Scottish Aviation Bulldog
The history of the Bulldog began in the late 1960s, when the Beagle Company,
builders of the then-popular, civilian Beagle B.121 Pup trainers, began developing
a replacement for the RAFs fleet of aging DeHavilland Chipmunks. Their design,
the B.125 Bulldog, was fitted with a more-powerful 200-hp engine; a constant-speed
propeller; longer, strengthened wings; and a strengthened fuselage structure.
Before the prototype could be delivered, however, Beagle's financial troubles
led it to be liquidated in February 1970.
In May 1970, Scottish Aviation Limited (SAL) announced that it had acquired
the development and manufacturing rights, and it resumed production of the Bulldog
in 1971. The first customer was Sweden, with other nations following in rapid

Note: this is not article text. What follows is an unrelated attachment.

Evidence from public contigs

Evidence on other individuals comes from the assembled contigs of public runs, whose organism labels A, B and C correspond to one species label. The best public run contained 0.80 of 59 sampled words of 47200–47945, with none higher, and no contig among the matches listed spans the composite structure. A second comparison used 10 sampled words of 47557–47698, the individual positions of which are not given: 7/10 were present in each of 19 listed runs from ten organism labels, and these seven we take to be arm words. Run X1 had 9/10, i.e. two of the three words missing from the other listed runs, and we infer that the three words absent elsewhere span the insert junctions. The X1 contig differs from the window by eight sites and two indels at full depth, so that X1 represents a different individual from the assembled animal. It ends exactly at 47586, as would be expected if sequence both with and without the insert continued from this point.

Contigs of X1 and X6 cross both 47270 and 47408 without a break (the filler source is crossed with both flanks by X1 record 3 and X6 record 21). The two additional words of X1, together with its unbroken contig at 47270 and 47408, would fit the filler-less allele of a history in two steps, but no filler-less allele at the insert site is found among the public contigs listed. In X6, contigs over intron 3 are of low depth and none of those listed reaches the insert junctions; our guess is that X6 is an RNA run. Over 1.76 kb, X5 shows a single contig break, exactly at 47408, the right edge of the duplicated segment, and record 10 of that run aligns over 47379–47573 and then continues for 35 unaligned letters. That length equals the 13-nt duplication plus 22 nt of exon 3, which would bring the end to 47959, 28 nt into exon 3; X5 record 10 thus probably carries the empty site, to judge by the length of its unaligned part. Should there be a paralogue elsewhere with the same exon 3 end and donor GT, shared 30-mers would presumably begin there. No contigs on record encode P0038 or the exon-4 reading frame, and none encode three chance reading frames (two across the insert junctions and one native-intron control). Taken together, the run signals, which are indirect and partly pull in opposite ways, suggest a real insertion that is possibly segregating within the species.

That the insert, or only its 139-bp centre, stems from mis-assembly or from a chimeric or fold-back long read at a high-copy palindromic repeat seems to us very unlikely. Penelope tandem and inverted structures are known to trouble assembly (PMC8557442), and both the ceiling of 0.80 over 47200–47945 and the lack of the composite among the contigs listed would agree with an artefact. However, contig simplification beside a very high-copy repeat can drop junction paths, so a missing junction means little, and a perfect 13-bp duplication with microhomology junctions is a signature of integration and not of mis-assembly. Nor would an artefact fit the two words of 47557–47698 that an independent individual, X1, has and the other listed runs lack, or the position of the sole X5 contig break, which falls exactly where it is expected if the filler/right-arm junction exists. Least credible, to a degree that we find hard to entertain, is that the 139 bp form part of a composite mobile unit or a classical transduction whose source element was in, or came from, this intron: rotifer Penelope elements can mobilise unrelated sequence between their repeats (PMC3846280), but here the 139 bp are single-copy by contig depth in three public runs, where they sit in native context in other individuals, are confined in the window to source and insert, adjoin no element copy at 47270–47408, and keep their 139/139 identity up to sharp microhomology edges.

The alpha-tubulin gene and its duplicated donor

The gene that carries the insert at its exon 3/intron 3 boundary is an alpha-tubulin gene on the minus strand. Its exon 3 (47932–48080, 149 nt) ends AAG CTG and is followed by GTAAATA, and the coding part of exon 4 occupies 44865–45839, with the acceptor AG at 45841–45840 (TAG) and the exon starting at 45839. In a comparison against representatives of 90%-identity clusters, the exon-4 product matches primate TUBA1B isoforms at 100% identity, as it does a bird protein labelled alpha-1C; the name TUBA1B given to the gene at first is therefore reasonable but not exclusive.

succession, including Malaysia, Kenya, Ghana, Nigeria, Jordan, Lebanon, Venezuela
and Botswana, among others. The Swedish designated the aircraft the SK 61.
The largest customer by far was the Royal Air Force (RAF), which placed an
order for 130 Bulldogs in 1972 to be used as primary "flight-aptitude"
trainers for their flying cadets in the University Air Squadrons (UASs). The
Bulldog served in this role until at least 2000, when it began to be replaced
by more modern Grob Tutor T1 trainers. Increasingly, surplus Bulldogs have been
appearing at the UK's Ministry of Defence (MoD) auctions, where many eager bidders
from around the world have bought them in anticipation of restoring and flying
them as reasonably-priced warbirds.
Powerplant: one 149-kW (200-hp) Avco Lycoming IO-360-A1B6 flat-four piston engine
driving a Hartzell propeller of 6' 2'' (1 m and 880 mm) diameter.
Length: 7.09 m
Span: 10.06 m
Height: 2.28 m
Bulldog Series 120
Performance: maximum speed at sea level 241 km/h;
economic cruising speed 195 km/h at 1220 m;
service ceiling 4875 m;
range with maximum fuel 999 km
Weights: empty equipped 649 kg;
maximum take-off 1066 kg